Apple’s radically changed iPhone 8 might be too expensive for several consumers, according to a new survey that Barclays has detailed. According to the numbers, only 11 percent of consumers will want to upgrade to the new iPhone.
Latest Survey Details Consumers’ Lack of Enthusiasm for Paying Upwards of $1,000 for the iPhone 8
A survey conducted by Barclays details that bad news might be looking over Apple and its iPhone 8. Details of this survey state that only 11 percent of consumers will be willing to spend over a $1,000 for the new phone and looking at the slew of rumors running around, we feel that this is going to be the most expensive model to date. However, there is good news for the California-based giant as a separate survey reveals that the handset will be coveted by 18 percent of people who already own an iPhone.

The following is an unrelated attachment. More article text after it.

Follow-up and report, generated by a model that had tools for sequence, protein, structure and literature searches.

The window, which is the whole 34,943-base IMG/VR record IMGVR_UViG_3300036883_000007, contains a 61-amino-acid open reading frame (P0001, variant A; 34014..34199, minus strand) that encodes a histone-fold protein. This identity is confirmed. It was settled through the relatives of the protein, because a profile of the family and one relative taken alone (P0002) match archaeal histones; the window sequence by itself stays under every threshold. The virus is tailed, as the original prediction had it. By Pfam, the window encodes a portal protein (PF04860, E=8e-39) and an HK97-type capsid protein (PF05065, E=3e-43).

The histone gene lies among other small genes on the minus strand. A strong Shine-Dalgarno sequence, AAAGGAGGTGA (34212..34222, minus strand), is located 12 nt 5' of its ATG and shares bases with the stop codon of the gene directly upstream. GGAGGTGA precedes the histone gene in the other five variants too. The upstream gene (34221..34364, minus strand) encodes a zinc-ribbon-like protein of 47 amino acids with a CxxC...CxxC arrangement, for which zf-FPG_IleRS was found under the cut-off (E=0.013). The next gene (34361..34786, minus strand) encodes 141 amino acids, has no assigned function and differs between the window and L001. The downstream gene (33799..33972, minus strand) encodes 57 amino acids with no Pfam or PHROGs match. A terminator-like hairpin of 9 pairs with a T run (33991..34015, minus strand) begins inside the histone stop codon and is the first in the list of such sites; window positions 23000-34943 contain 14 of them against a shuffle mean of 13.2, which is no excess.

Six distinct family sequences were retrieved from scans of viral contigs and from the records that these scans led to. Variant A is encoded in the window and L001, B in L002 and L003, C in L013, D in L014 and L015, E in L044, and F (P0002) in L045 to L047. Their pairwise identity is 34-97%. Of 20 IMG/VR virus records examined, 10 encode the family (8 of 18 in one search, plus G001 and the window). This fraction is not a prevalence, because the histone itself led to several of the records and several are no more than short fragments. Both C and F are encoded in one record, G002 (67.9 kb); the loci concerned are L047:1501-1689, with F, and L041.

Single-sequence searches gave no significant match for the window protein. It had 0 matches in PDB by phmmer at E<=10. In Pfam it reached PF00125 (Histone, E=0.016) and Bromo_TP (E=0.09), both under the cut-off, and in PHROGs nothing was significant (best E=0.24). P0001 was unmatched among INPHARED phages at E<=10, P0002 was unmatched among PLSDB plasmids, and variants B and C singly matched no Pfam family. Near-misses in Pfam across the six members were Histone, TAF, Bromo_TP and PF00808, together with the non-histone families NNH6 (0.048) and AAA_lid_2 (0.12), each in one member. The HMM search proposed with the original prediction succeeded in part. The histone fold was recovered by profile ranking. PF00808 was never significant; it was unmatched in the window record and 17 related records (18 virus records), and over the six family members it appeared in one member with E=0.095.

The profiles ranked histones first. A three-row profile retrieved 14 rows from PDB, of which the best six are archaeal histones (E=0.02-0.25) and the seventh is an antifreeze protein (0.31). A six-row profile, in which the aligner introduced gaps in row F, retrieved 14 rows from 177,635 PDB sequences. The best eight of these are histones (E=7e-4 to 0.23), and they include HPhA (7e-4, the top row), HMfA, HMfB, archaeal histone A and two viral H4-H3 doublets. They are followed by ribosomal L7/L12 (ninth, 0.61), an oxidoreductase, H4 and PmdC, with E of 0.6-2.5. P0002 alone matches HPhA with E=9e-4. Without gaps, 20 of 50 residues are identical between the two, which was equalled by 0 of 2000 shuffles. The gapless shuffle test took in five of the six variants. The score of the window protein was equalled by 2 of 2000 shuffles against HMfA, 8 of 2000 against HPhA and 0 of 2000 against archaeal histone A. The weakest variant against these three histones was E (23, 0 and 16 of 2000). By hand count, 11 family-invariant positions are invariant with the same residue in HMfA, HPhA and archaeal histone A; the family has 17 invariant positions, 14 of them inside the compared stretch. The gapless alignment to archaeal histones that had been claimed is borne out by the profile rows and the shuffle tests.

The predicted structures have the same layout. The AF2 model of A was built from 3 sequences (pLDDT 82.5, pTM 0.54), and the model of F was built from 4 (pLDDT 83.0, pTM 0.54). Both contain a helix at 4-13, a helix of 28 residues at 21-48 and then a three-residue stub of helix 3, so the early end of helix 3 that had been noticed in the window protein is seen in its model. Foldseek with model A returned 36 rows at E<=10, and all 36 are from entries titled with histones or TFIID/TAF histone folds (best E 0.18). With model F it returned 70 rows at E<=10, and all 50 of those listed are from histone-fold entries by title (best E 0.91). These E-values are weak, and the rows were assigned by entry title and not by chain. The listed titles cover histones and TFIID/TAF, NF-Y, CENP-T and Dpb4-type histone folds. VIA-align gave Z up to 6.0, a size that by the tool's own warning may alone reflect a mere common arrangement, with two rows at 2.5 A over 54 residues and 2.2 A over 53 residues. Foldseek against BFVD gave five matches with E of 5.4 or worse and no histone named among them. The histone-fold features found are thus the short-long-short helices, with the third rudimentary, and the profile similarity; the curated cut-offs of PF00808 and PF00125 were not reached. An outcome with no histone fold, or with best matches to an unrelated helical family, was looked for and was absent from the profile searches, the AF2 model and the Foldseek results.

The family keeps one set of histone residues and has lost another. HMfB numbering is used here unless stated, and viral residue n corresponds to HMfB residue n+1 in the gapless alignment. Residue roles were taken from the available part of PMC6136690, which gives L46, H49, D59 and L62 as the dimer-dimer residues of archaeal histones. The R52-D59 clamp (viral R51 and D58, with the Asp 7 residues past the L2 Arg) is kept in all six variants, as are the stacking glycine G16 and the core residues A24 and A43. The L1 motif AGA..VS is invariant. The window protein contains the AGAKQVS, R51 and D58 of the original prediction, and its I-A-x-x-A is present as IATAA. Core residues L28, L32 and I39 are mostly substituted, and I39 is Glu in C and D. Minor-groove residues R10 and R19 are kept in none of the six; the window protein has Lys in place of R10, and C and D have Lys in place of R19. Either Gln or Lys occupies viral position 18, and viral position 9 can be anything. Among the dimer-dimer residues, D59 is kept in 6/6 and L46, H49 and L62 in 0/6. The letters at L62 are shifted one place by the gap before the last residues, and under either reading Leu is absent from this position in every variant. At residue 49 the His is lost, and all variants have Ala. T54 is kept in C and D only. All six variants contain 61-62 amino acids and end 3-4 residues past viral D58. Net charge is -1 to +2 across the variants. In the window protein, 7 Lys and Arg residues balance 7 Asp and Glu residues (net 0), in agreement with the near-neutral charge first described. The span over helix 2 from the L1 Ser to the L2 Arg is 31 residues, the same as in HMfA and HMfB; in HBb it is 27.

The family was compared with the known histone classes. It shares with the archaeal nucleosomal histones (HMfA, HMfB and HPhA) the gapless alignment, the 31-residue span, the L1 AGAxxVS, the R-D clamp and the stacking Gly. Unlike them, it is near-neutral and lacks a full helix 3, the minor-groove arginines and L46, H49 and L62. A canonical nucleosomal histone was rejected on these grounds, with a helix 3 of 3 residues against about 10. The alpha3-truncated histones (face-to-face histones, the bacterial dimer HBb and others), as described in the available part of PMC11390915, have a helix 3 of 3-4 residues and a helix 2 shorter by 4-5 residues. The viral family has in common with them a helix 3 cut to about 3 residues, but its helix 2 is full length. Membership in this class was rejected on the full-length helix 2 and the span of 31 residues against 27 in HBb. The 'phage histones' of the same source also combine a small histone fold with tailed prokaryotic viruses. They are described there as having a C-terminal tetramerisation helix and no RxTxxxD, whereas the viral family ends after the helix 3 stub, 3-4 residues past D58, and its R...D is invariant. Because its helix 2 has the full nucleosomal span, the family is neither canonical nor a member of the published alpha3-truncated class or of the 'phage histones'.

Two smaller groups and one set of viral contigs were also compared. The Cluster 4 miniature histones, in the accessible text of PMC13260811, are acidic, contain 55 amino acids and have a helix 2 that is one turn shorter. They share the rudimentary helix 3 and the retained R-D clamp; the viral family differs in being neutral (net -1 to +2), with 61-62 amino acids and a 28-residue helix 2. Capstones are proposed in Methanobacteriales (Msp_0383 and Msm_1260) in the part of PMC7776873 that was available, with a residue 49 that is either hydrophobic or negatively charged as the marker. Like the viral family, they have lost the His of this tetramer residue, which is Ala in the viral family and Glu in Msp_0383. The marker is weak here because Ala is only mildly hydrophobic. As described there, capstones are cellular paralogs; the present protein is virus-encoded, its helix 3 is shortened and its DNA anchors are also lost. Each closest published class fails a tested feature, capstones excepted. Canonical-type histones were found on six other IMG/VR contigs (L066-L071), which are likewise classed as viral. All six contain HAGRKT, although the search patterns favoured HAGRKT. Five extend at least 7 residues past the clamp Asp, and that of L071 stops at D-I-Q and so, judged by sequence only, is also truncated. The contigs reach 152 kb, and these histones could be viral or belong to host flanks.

This obviously means that carriers will be bringing out special trade-in deals in the U.S. so that customers can find it easier to upgrade. Digging deeper into the survey also reveals that the majority of consumers want to spend a total of $582 on a new phone, which translates into $48.50 a month for 12 months on an installment plan.
Currently, the base model of the iPhone 7 is going for $37.41 for 24 months on Apple’s iPhone Upgrade Program, so if users are not comfortable spending an arm and a leg for the new iPhone, they could look into this. According to previous rumors, the iPhone 8 will be limited in three colors and would be sold in a total of two storage models.
The highest storage capacity could feature 256GB of UFS 2.1 flash memory and an exorbitant $1,200 price tag to go along with it. In comparison, the Galaxy Note 8 has been rumored to cost over EUR 1,000 when it is officially available for purchase.
Looking at the amount of iPhones Apple already sells in a given year, consumers will definitely want to check out a new phone that sports the same fluid OS but touts a massive design change.
We will definitely be looking forward to the unveiling. Will you? Let us know your thoughts down in the comments.
News Source: CNBC